The schools charged weekly fees of 2 or 3 pence and children would be expected to earn between 9 pence a week aged 8, to as much as 3 shillings a week by the age of 14.  They would work at the plaits while walking around—they worked at them almost constantly.

Plaiters would often be paid more than farm labourers and domestic servants, so sometimes an employer had to pay more in order to find workers.  It was said that the extra money the women earned could make the men lazy!

In our family tree, the four daughters of Jemima Cleaver and Thomas Tearle were all straw plaiters.

Richard Tearle (1794 -1887), uncle to Susan, Ann, Sarah and Elizabeth was a Straw Plait dealer and his step-daughters Lucy Sanders (14), Ruth Sanders (11), and Suzannah Sanders (8) were all straw plaiters in 1851.  By 1861, Lucy (23) and Suzannah (18) had become straw hat makers.  (A note here, the 1851 census lists Lucy, Ruth and Suzannah as daughters-in-law but Richard’s second wife was Ruth Sanders, so I think these were, what we would call today, his step-daughters).

One of Richard Tearle’s sons, David also became a plait dealer.  By 1861 he was a straw plait dealer/grocer and by 1871 he was a grocer, and had a post office, with his father, Richard, living with him as a widower.  He gradually changed his occupation with the decline of the straw plaiting industry.

Herbert John Tearle – war artist

115 Broadway, Bexleyheath

 

 

 

 

 

 

 

 

 

 

 

 

 

 

 

 

A sketch of John’s home in Bexleyheath. The date tells the story.

In memory of PK Green who was killed by a trench mortar.

 

 

 

 

 

 

 

 

 

 

 

 

 

 

 

 

 

 

Tragedy strikes. John’s grief gives way to an iconic scene of life in the trenches, and how chance can deal the cruelest blows. The detail in this picture is remarkable.

Pvt Green killed here today

 

 

 

 

 

 

 

 

 

 

 

 

 

 

 

 

 

 

Herbert John Tearle “The Cathedral of St Martins, Ypres.”

 

This last drawing is of a concert party for the troops in Rouen.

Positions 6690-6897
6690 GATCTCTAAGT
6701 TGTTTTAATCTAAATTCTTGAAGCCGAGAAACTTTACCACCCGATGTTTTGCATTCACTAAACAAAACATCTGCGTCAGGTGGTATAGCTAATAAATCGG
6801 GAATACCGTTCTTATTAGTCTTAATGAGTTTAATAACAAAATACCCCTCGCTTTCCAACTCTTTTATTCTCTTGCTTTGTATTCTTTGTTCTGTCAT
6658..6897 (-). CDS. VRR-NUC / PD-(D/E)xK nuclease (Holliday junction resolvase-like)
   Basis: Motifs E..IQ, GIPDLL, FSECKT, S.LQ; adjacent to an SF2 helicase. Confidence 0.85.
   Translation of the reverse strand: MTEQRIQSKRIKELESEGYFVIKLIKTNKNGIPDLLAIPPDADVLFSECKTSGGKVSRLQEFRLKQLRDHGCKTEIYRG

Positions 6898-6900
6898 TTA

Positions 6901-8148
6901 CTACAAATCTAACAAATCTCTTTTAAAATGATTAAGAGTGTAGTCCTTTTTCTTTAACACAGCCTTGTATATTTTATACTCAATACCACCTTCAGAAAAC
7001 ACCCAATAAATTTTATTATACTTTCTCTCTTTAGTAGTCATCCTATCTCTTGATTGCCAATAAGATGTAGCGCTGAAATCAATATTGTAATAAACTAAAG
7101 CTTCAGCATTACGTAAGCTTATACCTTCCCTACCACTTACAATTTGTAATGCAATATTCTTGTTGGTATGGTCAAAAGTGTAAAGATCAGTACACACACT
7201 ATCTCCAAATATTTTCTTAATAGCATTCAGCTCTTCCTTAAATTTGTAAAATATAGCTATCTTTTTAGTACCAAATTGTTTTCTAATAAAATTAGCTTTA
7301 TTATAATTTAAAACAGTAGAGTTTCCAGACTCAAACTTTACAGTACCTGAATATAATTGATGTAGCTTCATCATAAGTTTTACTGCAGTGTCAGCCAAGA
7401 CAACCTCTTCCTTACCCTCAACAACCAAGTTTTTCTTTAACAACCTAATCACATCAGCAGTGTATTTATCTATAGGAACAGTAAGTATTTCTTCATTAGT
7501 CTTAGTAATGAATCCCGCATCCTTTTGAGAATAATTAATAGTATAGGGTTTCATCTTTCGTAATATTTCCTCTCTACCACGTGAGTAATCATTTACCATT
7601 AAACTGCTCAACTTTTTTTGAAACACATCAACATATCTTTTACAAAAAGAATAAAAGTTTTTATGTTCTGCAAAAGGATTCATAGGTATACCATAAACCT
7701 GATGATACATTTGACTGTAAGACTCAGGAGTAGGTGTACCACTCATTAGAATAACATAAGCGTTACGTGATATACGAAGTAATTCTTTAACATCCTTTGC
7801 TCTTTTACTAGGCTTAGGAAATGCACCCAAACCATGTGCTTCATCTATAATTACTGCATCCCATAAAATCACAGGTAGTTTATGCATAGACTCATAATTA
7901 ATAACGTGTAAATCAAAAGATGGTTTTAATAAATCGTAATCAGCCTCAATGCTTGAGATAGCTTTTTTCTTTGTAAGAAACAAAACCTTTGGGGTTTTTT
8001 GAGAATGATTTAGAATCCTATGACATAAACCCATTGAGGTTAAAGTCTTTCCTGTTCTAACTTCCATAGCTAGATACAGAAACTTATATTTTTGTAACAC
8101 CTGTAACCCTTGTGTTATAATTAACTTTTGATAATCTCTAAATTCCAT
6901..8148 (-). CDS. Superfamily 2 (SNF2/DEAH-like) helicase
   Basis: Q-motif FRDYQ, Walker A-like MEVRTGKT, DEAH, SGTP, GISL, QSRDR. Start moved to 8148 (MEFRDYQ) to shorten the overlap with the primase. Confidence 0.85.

Inside the Boys Brigade hut

 

 

 

 

 

 

 

 

 

 

 

 

 

 

18Feb/17

Eaton Bray Tearle memorials

St Mary’s Church, Eaton Bray

The vicar of Stanbridge, Helen Gardiner, wrote to me to say she had seen mention of a Tearle in the Church of St Mary’s, Eaton Bray. She thought it was on the lectern. This was of great interest because Eaton Bray is one of the Tearle Valley villages, which we had visited, but on all occasions, St Mary’s was closed. This time (Feb 2017) we were lucky, a very pleasant and knowledgeable lady was arranging flowers for the coming weekend services and she was happy to have company while she did so. St Mary’s is an old and beautiful church built in the 1200s, so it is not a classic Norman design, but it is tall and of ample proportions, with a few additions that had been tidily added over the centuries of its life. Very few of its headstones are left; some are leaning against two perimeter walls, and a block of concrete had little plaques of the names of villagers who had been cremated. A war memorial took pride of place at the head of the pedestrian access to the building. We examined everything we could find for Tearle names, but there was nothing, in spite of there being Tearles in Eaton Bray since at least the early 1700s.

The first impression of the interior of the church is that it is filled with light and it is well maintained.

St Mary’s Eaton Bray interior towards the altar